WFP Introduces Iris Scan Technology To Provide Food Assistance To 76,000 Syrian Refugees In Zaatari
06 October 2016
AMMAN – The World Food Programme (WFP) in partnership with the United Nations High Commissioner for Refugees (UNHCR) has introduced an innovative iris scan payment system in Jordan’s Zaatari refugee camp, allowing 76,000 Syrian refugees to purchase food from camp supermarkets using a scan of their eye instead of cash, vouchers or e-cards.
The cutting-edge technology was launched in Jordan’s King Abdullah Park refugee camp in February this year, when for the first time in the history of humanitarian assistance, a WFP beneficiary received food assistance in the blink of an eye. The system was expanded to Azraq refugee camp in eastern Jordan in April.
“The iris scan payment system has been extremely successful, and we are thrilled that WFP and its partners are now able to serve Syrian refugees living in Jordan’s largest camp through this innovative system,” said WFP Country Director in Jordan Mageed Yahia. “Iris scan technology has reshaped the shopping experience for Syrian refugees in Jordan, making it easier and more secure for them, while also enhancing accountability.”
For Zaatari resident Hana Heraaki, the true value of this system lies in its convenience. “Now I don’t have to worry if I forgot my card at home or if I misplaced it. Whenever I’m near the shop, I can just walk in and get whatever food that’s missing from home,” she said.
WFP’s system relies on UNHCR biometric registration data of refugees. The system is powered by IrisGuard, the company that developed the iris scan platform, Jordan Ahli Bank and its counterpart Middle East Payment Services.
Once a shopper has their iris scanned, the system automatically communicates with UNHCR’s registration database to confirm the identity of the refugee, checks the account balance with Jordan Ahli Bank and Middle East Payment Services and then confirms the purchase and prints out a receipt – all within seconds.
The introduction of the iris scan payment system in Jordan’s Syrian refugee camps represents WFP’s commitment to employing innovative tools and approaches in the fight against hunger. WFP seeks to expand the use of the technology to refugees living in communities outside of camps.
Through the iris scan and electronic voucher programme, WFP supports more than half a million Syrian refugees in Jordan. WFP is also providing assistance to almost 140,000 vulnerable Jordanians through food rations and cash for work and cash for training programmes.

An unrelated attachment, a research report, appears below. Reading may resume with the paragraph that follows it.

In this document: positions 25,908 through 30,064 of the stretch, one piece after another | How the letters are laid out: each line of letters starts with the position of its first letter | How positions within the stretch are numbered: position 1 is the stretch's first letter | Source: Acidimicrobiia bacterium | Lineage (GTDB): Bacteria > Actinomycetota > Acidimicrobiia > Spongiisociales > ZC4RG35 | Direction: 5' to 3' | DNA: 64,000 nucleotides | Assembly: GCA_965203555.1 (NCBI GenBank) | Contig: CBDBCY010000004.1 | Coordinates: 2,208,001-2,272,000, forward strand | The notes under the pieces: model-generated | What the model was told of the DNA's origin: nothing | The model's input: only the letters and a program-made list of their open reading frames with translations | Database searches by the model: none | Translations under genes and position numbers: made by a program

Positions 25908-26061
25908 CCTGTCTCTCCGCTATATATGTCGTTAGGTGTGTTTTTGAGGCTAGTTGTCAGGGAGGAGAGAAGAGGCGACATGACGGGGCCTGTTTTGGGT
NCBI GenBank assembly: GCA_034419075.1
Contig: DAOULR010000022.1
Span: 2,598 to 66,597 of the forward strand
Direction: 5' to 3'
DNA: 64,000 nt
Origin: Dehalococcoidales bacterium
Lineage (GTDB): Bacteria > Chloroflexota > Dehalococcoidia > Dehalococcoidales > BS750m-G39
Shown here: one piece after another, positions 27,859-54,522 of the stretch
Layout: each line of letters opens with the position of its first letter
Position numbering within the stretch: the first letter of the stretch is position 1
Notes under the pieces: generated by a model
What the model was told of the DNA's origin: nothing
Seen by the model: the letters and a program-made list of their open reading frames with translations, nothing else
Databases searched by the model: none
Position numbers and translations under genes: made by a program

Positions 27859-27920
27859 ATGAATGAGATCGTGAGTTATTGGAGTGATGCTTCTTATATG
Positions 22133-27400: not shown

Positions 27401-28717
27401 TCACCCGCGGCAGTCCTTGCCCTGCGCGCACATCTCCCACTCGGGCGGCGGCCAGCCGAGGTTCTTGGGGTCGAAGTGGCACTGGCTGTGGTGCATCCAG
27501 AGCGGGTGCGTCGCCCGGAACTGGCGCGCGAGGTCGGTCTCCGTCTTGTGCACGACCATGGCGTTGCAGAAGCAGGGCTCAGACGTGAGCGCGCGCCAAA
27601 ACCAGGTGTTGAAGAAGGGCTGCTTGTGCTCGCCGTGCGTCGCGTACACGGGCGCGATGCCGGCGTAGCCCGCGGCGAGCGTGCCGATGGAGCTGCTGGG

WFP is the world’s largest humanitarian agency fighting hunger worldwide, delivering food assistance in emergencies and working with communities to improve nutrition and build resilience. Each year, WFP assists some 80 million people in around 80 countries.
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For more information please contact (email address: firstname.lastname@example.org):
Shada Moghraby, WFP/Amman, Mob. +962 79728 0924
Abeer Etefa, WFP/Cairo, Mob. +2010 66634352
Dina El-Kassaby, WFP/Cairo, Mob. +2010 15218882
Frances Kennedy, WFP/Rome, Tel. +39 06 65133725, Mob. +39 346 7600806
Bettina Luescher, WFP/Geneva, Tel. +41 22 917 8564, Mob. + 41-79-842-8057
Gerald Bourke, WFP/New York, Tel. +1-646-5566909, Mob. +1-646 525 9982
Steve Taravella, WFP/Washington DC, Tel. +1 202 653 1149, Mob. +1 202 770 5993
UN Partners WIN to Fight Child Trafficking With Blockchain
NOV 14, 2017
The partners have already launched a pilot test of the system as of mid-November 2017.
The partners announced the launching of the pilot program at the Humanitarian Blockchain Summit held in New York. The pilot involves the participation of UN agencies, UN Office for Project Services (UNOPS) and the UN Office of Information and Communications Technology (UN-OICT).
In their press release, the partners claimed that the use of the system increases the chance of apprehending the child traffickers.
“Storing digital identities on a Blockchain provides a ‘significantly higher chance of catching traffickers.’ Additionally, securing identity data on an immutable ledger will make trafficking attempts ‘more traceable and preventable.’”
How does child trafficking happen
Child traffickers usually use fake identification documents to transport young individuals across borders. The victims are eventually forced to participate in serious illegal activities like illegal human organ trade and sex trade.
In her statement, WIN Co-Founder and Chief Executive Officer (CEO), Dr. Mariana Dahan, said that “invisible” children under the age of five and who have no birth certificates are potential trafficking victims as they are often missed by social programs being offered by governments or development agencies.